Physical Changes in Dying

My first experience with the death of a loved one was unnerving. I did not know how to interpret the physical and mental changes I witnessed. I had no capacity to learn about death while it was unfolding before me; it was difficult enough just to be there.

In bringing a baby into the world, there are opportunities to take classes, read books, and listen to the experience of others. In helping someone leave this world, we can also learn to trust that, just as the body innately knows how to birth, it also knows how to die. Although each person and journey is unique, having some knowledge about what to expect can equip us to be present and supportive.

Following is a brief summary of what we might expect.

Withdrawal: Our loved one may become less interested in everyday life and no longer enjoy the things that once gave pleasure. She may decline visitors, and sit quietly by herself for hours. He may talk less, yet still communicate with touch or gestures. She may spend a lot of time asleep and be more difficult to awaken.

Disorientation: Our loved one may pick at her bedsheets, fiddle with her clothing, or participate in another seemingly aimless activity. She may be confused regarding times, dates and events. He may speak to people who we cannot see, often people who have already died. She may become anxious.

Reduced Appetite: It is normal to eat less and less, and simply not be hungry. She may prefer only soft foods, and then only liquids. As the body shuts down, the dying person may just want to suck on ice chips to wet their mouth. We are told this is not painful.

Bowel and Bladder: Constipation and incontinence may become a concern. “Accidents” may begin to happen. As our loved one gets closer to death, muscles relax further and control becomes more diminished. The quantity of urine decreases and often becomes stronger and darker in colour.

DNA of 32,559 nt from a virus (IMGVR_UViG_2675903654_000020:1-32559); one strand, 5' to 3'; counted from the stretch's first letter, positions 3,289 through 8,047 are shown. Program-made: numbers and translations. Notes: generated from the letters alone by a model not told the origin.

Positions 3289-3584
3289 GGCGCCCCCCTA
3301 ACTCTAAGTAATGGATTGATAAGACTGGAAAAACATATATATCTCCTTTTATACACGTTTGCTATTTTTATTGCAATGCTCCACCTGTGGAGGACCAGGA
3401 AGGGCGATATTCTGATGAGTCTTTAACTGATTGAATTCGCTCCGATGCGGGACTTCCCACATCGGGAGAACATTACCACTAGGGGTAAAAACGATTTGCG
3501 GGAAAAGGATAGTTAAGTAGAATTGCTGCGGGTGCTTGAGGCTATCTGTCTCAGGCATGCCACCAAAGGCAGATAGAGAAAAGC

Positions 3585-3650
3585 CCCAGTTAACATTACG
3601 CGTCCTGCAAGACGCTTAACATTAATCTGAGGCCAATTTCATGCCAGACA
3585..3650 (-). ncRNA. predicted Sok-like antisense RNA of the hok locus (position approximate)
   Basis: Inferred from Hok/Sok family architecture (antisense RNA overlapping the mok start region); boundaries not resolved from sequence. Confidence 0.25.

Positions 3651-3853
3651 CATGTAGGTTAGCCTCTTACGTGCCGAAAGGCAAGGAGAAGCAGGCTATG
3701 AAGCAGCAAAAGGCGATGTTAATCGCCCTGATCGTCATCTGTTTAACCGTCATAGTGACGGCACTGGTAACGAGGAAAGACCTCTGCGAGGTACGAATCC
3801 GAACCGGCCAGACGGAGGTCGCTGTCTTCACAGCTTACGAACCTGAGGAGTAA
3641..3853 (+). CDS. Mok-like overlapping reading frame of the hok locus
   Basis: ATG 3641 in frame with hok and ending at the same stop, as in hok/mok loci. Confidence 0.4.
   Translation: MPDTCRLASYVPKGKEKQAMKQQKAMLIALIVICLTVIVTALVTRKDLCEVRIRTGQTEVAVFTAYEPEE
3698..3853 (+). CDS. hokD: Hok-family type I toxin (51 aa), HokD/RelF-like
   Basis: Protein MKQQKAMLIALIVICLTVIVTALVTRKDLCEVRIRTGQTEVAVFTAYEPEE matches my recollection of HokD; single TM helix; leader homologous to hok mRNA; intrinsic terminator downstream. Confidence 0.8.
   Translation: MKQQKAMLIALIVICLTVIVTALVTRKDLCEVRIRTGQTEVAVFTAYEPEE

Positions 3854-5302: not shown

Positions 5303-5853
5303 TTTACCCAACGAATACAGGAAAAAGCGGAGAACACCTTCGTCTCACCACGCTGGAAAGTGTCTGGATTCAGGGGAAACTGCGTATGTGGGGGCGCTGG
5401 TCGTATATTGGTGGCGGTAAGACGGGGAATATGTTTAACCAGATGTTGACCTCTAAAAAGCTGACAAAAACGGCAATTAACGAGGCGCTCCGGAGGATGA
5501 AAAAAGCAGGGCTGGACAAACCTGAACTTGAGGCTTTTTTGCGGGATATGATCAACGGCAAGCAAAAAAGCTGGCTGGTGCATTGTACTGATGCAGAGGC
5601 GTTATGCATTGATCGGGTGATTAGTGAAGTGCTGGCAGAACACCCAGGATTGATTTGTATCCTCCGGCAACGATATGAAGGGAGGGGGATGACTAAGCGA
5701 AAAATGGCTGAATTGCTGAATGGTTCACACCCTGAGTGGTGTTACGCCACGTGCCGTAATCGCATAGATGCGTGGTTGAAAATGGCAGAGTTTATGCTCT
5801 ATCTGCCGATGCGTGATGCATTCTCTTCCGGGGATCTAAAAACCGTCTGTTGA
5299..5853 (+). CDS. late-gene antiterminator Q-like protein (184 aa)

Restlessness: Our loved one may appear to be restless or agitated. They may seem confused, irritable, and appear to be in pain. This is common, and can be very distressing to those present. “Terminal delirium” is marked by extreme restlessness and agitation and may happen when the person is close to death. Medications may need to be adjusted. It is important that caregivers realize that what they imagine is happening may be very different from what the dying person is experiencing. If the ability to communicate has been compromised, pay attention to any signs that communication is happening in a new way.

Temperature and Skin Colour: As circulation decreases, our loved ones’ extremities begin to cool although their body is warm. He may feel hot and clammy one minute, and cold the next. Hands and feet, and then arms and legs, may become blotchy and mottled. Lips and nail beds become purplish or blue. Skin may take on a pale yellowish or bluish complexion.

Increased Energy: There may be a brief surge in energy, alertness, and engagement. He may want to get out of bed and talk to loved ones, and show interest in food again. This is common and lasts only a short time.

Breathing: Breathing may slow down. It may stop briefly and then restart again. There may be periods of no breathing for up to 45 seconds, followed by deeper and more frequent respirations. Breaths may be spaced further and further apart. Breathing may be shallow and quickened, or slow and laboured. Our loved one may gasp for air. Secretions may pool in her throat, causing a gurgling sound. When loud, this is often referred to as the “death rattle.”

Although the above list may be disconcerting, familiarity with the process may enable you to trust and relax into it. Being with a loved one right to the end, where the two worlds touch, can be a great privilege.

“There is no greater honour than to be with another as they journey Home.” – St. Brigit of Kildare

Written by Margaret Verschuur